Frances Hammell Gearhart (American, 1869-1958)
Fish Market, circa 1930
color woodcut, signed and titled in pencil lower margin, 11 1/8″ x 9 1/16″
Toomey & Co. Auctioneers, Fine Art + Furniture & Decorative Arts, March 2, 2022, Lot 612
Estimate $3,000-5,000
Sold for $4,687

Arts & Crafts Printmaking

 

With influence from the Arts & Crafts movement, Gearhart featured strong linework in black or dark blue, outlining and emphasizing her compositions. She frequently incorporated paths, roads, or waterways, which brought a depth to her compositions that is not often seen in woodcuts. She could convey seasons changing through beautifully intricate details.

With a mastery of color from her background in watercolor painting, Gearhart’s use of color and light bring to life the atmosphere of the California landscape. Her vivid colors and bold linework are what make her prints stand out among other woodcuts. Gearhart’s idyllic interpretation of the landscape, along with that of other artists, inspired so many to pursue the dream of living in California.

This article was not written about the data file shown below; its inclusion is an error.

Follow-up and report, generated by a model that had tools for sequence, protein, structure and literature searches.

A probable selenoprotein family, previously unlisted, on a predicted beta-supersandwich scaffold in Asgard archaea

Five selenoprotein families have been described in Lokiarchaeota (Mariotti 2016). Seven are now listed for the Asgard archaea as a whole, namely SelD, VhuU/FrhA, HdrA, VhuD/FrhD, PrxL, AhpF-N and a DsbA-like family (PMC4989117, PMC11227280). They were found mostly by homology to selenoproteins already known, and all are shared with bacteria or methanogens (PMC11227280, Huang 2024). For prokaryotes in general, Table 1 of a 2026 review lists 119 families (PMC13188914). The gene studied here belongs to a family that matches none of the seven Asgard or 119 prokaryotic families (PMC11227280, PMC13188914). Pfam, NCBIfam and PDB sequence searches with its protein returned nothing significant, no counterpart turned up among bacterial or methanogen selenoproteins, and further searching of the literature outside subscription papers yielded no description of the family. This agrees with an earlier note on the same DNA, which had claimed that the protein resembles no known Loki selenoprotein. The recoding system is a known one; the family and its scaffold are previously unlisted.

Frances Hammell Gearhart (American, 1869-1958)
In the Sun, circa 1930
color woodcut, signed and titled in pencil lower margin, 9″ x 8 3/4″
Toomey & Co. Auctioneers, Fine Art + Furniture & Decorative Arts, June 9, 2021, Lot 486
Estimate $3,000-5,000
Sold for $10,000

In 1919, Gearhart became a member of the Print Makers Society of California (PMSC), a partnership that would help to advance her knowledge and network. After working as an English teacher for many years, Gearhart was able to leave teaching in 1923 to devote herself entirely to her art practice. She and her sisters, May and Edna, opened a gallery together. Gearhart’s sisters were also talented artists and teachers. Over time, their involvement in the PMSC grew. The sisters’ gallery became its headquarters and Frances took on the role of Secretary and Treasurer for the group. Frances Gearhart was able to establish a successful career, in not just a male dominated profession, but during a time where the work force was dominated by men as well.